Louis: I’m pretty good about keeping my questions in my head. I think the one thing I’d do is I go back to first principles. I always feel like there’s a question before the one that you asked that is the one that you forgot to ask. This is going to sound really banal, but it’s sort of like, “Why do you do this?” Or even, “What is the thing that you do?” It’s quite common to get deep into a conversation.

Jesse: Do you feel like that’s a question that you end up asking every time in some form or another? Why does this matter, like why does this matter to you?

Louis: I think it’s there along the way. For example, recently I’ve been doing shows about alcohol addiction. With addiction, the question is simply, “It seems like your way forward is very clear. There’s a fork in the road, and if you stop drinking, you can have a sober life in which you will be healthy, happy, and form stable relationships. Then there’s another path which you keep drinking, everything falls to pieces. That seem so obvious, so why can’t you do it?” That’s really the only question, in a sense. But actually you don’t always formulate that question. I’m sort of saying what’s so obvious, but sometimes it’s the obvious questions that people trip up on because people try to be intelligent or analytical in a way. Actually it’s more about asking a really simple question and giving people the space to answer it.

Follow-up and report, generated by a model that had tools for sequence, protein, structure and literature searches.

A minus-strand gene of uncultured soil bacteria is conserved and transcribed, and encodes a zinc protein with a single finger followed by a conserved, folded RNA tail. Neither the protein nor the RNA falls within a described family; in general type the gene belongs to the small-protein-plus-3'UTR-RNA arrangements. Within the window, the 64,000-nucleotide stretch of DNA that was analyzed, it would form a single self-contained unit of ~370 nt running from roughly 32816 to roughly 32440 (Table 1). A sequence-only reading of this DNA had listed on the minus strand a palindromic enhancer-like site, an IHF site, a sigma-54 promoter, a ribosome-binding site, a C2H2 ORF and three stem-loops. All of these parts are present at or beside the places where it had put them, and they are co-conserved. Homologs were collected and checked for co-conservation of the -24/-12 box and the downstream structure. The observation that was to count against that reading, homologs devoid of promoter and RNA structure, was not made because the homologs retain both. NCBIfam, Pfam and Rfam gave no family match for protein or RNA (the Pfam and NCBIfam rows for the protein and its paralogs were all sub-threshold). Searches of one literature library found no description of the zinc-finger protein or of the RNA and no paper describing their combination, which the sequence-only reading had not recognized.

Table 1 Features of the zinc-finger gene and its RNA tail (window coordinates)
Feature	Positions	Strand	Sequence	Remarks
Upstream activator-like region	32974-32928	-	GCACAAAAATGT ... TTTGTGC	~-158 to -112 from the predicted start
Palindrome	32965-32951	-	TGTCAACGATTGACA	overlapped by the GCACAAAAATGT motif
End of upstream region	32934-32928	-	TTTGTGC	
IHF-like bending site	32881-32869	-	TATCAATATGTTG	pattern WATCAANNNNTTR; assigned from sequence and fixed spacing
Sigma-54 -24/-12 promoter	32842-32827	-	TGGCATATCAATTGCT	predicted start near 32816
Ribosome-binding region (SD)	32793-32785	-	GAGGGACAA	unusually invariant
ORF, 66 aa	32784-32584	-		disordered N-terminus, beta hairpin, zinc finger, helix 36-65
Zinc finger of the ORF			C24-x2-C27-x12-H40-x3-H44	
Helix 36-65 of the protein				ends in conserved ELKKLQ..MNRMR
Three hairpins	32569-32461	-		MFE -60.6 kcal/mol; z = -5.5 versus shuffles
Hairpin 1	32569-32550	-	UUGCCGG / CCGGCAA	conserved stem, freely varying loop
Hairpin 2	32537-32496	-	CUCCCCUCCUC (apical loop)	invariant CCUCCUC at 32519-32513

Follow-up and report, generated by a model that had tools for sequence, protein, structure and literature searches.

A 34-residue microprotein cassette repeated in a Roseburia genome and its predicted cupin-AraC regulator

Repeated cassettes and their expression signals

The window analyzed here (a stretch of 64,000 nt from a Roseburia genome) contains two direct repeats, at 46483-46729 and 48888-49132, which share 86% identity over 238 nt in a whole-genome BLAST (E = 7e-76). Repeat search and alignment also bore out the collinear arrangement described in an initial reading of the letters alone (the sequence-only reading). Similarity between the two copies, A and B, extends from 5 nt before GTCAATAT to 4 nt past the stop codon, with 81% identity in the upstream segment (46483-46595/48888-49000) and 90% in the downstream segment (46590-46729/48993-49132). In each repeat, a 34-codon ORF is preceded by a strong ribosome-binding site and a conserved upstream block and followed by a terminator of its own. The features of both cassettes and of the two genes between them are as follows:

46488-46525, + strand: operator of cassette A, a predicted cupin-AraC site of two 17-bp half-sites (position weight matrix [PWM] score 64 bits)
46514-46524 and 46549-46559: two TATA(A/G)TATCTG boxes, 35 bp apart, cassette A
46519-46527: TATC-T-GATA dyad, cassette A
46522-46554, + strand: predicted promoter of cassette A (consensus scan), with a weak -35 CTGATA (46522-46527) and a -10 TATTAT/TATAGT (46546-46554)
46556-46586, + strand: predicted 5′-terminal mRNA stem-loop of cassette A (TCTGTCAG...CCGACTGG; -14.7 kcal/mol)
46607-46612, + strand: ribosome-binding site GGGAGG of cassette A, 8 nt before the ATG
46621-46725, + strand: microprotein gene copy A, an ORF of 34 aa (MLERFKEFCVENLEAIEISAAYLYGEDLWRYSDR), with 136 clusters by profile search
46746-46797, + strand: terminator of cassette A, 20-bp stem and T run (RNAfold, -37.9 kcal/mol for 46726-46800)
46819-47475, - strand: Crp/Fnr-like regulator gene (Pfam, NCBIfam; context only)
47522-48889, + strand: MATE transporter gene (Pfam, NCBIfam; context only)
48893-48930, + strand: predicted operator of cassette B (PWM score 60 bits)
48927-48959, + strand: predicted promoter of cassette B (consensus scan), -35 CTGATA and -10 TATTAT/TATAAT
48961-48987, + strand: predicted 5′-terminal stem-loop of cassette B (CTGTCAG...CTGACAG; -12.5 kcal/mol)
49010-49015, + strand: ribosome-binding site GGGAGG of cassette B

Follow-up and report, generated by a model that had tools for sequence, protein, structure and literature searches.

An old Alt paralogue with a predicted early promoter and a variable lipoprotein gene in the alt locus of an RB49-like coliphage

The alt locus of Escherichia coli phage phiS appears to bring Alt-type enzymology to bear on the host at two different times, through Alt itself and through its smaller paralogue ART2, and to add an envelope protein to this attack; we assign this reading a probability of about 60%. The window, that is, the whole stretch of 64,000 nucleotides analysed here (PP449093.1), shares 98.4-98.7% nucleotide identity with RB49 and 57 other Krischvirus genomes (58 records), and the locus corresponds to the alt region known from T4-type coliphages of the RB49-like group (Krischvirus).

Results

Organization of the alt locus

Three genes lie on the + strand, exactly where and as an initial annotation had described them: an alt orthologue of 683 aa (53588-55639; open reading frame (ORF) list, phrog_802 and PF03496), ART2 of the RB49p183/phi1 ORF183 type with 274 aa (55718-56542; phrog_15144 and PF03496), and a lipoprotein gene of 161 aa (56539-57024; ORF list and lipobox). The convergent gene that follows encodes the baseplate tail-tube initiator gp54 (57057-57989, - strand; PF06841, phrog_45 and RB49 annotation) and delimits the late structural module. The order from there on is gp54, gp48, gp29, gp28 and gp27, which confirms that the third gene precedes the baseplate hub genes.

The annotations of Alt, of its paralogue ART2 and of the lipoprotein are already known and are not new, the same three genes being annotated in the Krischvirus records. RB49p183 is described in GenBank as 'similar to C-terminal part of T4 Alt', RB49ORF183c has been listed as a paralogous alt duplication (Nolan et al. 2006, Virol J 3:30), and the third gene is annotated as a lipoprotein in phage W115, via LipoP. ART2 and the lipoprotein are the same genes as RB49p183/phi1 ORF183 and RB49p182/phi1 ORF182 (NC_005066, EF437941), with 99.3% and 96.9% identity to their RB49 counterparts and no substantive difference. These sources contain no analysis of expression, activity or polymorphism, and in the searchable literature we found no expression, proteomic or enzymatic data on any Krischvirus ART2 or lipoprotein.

The Turnaround is available on MaximumFun.org. You can also subscribe on Apple Podcasts to get new episodes as they become available.

Photo credit: Jesse Thorn

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The Editors are the staffers of Columbia Journalism Review.